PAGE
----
- Learning through Dramatic Play
- Learning through Sand Play
- Learning through Water Play
- Learning through Dough and Clay Play
- Learning through Table Top Play
- Learning through Small World Play
- Learning through Structure Play
- Learning through Creative Play
There a wide range of advantages of these areas of play, such as with sand play, this can allow children to build up understanding and increase their knowledge through their senses. By exploring the different and changing textures of sand, children learn through their sense of touch, this area of play can also result in numerical knowledge as the children can discover capacity, size, weight and aspects of gravity as the children manipulate different sand toys to get mathematical knowledge. That is one particular, fun and effective way for children to access the curriculum. In my current setting, which is a primary one school within a statutory institution, there are sand play facilities indoors and outside the house with a variety of tools children can use. With relevant issues in the curriculum, we're able to change these equipment and tools around to be more relevant to the current theme. One of these was through the month associated around "INDIVIDUALS WHO Help Us", we integrated our indoor fine sand area into a construction side by providing the children with spades, shovels, toy diggers, I even printed off a range of structure site signs to help make the experience more all natural and practical for the kids, enabling them to become more easily immersed. Experimental, free-flow and imaginative play are included within this area, focusing on many aspects of the curriculum, providing more information for early on learning and focusing on children's development.
Water play is extremely similar to sand play, developing reasonable thinking through the senses and providing knowledge of the world around us, early physics and early on mathematics. The NI Curriculum points out that Drinking water play benefits children in lots of ways, such as tackling and improving their personal, interpersonal and psychological development, physical development, creative development and knowledge and appreciation of the surroundings.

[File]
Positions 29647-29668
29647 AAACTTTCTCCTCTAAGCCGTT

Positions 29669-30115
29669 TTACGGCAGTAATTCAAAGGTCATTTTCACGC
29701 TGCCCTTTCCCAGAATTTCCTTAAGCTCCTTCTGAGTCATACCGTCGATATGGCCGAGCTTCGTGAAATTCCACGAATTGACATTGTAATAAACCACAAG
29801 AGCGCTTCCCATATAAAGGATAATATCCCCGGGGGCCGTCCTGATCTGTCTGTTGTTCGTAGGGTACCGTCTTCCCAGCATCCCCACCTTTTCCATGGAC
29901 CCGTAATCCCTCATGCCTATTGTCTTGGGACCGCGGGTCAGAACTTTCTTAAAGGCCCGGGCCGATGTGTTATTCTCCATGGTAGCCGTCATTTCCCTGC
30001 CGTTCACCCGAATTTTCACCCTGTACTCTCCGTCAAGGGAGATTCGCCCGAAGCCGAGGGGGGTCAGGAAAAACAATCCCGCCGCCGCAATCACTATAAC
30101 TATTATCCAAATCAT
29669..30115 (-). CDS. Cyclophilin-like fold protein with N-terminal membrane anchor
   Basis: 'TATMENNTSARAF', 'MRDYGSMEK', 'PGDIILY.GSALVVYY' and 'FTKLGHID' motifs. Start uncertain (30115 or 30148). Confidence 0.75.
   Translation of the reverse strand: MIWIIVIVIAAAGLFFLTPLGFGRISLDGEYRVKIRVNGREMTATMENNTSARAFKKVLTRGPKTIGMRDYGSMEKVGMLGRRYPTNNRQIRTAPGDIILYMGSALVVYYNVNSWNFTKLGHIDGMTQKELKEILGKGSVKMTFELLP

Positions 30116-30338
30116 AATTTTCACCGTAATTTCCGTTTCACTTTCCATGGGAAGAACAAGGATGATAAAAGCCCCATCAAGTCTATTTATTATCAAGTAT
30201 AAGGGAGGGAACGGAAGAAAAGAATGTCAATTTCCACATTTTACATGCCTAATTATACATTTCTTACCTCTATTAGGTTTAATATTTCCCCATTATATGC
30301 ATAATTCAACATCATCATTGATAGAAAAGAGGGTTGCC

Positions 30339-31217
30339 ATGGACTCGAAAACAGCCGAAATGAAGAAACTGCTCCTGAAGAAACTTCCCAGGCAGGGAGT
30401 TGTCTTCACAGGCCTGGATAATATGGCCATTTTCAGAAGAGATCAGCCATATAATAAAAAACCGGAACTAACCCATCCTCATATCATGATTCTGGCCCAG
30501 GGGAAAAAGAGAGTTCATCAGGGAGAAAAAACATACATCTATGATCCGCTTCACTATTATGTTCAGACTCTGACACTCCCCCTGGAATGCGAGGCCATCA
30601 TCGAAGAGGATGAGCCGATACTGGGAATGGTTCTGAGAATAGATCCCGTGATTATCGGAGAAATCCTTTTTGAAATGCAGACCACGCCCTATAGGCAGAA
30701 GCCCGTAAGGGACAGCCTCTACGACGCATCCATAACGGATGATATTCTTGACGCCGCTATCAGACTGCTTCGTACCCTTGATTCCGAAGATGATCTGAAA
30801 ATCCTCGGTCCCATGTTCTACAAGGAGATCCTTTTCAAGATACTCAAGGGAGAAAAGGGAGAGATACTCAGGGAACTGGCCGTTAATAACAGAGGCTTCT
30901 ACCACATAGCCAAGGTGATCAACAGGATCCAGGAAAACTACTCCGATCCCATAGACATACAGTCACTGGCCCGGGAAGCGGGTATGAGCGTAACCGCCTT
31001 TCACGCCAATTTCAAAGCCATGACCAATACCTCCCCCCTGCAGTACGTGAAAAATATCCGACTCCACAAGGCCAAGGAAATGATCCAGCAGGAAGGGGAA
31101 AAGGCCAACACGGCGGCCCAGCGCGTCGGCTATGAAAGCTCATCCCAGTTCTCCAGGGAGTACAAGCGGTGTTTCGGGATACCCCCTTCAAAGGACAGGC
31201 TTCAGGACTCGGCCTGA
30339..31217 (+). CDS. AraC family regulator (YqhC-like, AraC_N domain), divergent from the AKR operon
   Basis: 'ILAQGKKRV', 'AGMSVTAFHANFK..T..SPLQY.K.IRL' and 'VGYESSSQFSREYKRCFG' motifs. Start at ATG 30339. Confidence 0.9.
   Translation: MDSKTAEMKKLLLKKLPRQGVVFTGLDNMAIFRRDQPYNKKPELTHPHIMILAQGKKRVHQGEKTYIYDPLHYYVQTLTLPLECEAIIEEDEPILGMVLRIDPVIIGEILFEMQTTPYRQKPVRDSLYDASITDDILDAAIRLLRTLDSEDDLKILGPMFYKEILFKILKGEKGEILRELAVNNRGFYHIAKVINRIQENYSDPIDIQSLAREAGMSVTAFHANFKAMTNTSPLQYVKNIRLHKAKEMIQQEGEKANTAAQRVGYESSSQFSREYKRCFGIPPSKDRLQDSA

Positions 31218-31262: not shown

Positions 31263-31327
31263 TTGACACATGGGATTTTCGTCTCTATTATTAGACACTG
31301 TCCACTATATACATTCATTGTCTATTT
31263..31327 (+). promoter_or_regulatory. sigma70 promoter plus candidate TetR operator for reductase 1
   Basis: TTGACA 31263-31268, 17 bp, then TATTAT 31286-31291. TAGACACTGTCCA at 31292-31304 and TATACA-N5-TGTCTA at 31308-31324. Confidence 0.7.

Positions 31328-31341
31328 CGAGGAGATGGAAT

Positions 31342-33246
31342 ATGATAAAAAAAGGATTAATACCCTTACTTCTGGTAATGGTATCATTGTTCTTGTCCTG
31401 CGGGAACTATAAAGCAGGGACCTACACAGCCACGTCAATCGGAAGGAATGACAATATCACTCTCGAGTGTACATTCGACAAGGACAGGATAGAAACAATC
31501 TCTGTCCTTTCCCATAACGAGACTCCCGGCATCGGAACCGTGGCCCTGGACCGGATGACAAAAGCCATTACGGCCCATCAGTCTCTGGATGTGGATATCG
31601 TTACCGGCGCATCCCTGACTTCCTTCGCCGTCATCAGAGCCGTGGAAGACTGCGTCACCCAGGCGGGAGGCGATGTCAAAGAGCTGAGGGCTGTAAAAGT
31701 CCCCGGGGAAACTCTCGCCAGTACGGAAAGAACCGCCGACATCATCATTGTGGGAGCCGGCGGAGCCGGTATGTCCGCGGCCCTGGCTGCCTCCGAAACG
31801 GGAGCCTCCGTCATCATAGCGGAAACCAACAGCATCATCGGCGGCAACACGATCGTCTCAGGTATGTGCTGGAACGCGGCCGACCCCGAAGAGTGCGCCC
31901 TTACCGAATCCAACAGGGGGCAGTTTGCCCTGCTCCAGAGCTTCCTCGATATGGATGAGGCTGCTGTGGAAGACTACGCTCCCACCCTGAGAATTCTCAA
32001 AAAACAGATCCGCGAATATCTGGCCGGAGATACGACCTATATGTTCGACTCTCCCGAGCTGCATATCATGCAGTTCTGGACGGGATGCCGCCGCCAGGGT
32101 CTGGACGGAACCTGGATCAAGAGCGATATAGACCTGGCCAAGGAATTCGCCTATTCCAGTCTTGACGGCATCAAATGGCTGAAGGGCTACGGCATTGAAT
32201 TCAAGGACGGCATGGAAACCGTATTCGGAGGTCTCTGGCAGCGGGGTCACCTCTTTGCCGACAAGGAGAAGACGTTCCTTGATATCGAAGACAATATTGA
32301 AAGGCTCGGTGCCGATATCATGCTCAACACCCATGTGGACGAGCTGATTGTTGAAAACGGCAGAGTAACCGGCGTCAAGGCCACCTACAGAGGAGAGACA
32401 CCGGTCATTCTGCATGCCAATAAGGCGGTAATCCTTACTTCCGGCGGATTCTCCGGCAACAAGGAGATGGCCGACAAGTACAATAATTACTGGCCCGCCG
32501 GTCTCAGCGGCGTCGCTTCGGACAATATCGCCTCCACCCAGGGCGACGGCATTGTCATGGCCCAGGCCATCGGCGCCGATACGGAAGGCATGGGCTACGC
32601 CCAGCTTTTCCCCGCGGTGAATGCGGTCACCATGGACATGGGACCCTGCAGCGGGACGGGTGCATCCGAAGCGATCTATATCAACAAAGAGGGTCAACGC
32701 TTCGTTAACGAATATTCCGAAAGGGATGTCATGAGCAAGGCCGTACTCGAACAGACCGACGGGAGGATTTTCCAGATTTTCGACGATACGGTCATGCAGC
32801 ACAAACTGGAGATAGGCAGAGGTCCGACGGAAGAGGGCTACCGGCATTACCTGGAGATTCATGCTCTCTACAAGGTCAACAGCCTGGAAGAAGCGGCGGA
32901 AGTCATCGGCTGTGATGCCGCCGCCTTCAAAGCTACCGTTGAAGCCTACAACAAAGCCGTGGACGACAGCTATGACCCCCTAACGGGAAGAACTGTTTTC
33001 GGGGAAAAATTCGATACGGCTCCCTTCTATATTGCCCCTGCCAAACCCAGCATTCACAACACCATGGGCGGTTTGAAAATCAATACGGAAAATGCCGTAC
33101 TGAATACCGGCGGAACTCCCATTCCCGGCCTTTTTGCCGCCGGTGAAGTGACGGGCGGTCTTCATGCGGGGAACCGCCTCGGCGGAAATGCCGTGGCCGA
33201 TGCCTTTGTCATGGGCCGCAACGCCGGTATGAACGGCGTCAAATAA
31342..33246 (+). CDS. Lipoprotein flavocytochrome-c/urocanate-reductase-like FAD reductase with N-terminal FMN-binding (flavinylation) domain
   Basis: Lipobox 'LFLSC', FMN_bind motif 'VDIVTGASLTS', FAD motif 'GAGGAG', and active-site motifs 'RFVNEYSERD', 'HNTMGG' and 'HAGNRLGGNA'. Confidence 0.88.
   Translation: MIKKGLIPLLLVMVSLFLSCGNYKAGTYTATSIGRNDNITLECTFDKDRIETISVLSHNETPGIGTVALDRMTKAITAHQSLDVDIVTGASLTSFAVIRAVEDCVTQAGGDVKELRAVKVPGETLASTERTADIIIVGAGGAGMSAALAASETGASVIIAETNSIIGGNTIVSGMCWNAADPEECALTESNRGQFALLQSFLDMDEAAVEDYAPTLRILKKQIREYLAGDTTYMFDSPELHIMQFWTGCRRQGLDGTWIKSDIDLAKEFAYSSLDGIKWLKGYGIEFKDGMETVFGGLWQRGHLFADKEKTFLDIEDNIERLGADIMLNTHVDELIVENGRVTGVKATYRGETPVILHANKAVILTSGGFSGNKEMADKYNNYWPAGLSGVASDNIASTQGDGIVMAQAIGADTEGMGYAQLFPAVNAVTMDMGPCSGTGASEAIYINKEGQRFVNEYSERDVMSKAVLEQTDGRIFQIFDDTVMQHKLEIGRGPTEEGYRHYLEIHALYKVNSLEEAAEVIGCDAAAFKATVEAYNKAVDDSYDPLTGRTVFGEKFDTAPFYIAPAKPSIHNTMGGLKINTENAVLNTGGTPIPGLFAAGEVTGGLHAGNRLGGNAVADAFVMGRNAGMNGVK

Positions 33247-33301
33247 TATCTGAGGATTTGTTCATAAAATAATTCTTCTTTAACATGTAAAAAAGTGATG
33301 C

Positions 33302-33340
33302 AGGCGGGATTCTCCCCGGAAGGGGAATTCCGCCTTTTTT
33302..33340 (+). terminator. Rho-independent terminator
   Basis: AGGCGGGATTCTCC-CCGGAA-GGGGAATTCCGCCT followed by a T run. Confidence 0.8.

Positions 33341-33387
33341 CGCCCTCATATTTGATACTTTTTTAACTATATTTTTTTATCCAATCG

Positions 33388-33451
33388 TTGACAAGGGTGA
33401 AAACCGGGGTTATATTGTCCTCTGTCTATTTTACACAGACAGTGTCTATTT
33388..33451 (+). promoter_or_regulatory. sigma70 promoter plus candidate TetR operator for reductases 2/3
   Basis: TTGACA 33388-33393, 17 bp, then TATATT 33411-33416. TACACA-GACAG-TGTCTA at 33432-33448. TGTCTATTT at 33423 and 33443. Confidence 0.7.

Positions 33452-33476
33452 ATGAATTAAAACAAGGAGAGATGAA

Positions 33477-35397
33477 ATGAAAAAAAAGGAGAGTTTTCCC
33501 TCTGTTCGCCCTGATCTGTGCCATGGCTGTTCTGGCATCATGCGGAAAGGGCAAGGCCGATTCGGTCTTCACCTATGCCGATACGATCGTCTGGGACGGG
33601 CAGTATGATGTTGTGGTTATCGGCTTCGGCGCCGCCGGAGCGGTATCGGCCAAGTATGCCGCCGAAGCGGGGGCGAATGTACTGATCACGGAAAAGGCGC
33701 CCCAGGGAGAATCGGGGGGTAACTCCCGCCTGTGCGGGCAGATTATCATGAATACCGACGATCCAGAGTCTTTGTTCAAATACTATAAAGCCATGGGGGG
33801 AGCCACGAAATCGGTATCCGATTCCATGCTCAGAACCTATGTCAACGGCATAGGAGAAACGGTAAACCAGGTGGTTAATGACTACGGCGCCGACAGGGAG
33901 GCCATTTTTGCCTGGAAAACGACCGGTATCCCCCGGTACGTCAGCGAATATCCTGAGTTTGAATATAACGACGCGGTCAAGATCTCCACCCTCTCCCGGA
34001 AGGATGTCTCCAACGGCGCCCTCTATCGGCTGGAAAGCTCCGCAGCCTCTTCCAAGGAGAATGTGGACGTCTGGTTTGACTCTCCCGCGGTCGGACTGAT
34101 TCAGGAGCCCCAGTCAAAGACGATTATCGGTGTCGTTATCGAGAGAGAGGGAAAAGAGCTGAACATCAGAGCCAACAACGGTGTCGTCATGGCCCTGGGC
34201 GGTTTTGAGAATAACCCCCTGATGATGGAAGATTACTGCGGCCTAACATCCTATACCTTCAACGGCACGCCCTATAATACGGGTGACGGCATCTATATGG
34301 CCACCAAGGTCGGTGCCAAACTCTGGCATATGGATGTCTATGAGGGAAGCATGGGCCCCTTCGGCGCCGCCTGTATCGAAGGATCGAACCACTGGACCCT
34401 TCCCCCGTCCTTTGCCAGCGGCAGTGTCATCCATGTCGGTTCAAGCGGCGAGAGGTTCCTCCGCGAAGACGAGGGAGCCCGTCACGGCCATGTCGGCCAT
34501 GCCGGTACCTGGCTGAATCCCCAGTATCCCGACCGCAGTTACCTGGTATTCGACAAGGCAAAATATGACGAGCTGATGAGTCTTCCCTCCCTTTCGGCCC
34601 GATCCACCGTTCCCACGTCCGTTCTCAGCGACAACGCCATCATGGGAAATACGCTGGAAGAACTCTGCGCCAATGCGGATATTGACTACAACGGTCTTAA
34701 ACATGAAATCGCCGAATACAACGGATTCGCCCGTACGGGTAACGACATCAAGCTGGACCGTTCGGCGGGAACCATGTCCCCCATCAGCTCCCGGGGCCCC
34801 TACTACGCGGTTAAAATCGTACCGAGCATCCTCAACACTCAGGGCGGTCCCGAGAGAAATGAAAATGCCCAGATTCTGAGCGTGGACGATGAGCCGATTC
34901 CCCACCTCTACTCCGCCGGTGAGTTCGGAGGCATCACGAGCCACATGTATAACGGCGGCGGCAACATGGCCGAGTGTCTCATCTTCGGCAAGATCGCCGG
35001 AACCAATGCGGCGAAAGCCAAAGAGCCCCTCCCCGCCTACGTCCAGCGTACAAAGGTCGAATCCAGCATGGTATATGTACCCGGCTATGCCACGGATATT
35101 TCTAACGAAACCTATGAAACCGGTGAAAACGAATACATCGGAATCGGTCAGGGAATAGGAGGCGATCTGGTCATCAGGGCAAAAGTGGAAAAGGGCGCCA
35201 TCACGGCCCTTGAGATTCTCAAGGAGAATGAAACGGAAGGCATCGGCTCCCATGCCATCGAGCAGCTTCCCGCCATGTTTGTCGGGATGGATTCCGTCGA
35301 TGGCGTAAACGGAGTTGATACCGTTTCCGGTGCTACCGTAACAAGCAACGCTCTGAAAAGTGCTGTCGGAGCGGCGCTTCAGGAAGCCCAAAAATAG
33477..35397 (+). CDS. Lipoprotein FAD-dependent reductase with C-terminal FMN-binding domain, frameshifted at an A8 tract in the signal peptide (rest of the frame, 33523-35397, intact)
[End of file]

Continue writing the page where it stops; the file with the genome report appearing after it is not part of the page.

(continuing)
Personal, Sociable and Emotional development is affected in this field of play by children working individually, co-operating with others, taking changes and sharing toys and games or equipment, enjoying the sensory mother nature of water with the addition of colorings or other items such as glitter or various temperature ranges.
Physical development is enhanced through expanding fine motor unit skills by manipulating tools, filling up, pouring, emptying, stirring, squeezing, pressing, pulling etc. and expanding palm/eye co-ordination by filling up and emptying containers of different sizes.
Creative development boosts through observing shade change through adding car paint or food colouring, benefits of marbling techniques, and by creating may seem in this inflatable water by blowing or splashing.
Finally, knowledge and understanding of the environment is enhanced by children discussing drinking water in local environment, home, rivers, pond, beach, adding equipment from local environment to energize imaginative play e. g. shells, sea weed, pebbles, rocks, fishing nets, tubes, watering cans talk about occupations where water plays a substantial role e. g. anglers, firemen, sailors, farmers, plumbers and talk about animals and creatures that live in water e. g. fish, crocodiles.
Water play is an everyday occurrence in my placement setting, appealing to an array of children who are all wanting to play in this area. That is another beneficial and effective way for children to gain access to the curriculum as through my experience, I have seen every child learn subconsciously and also have fun at the same time.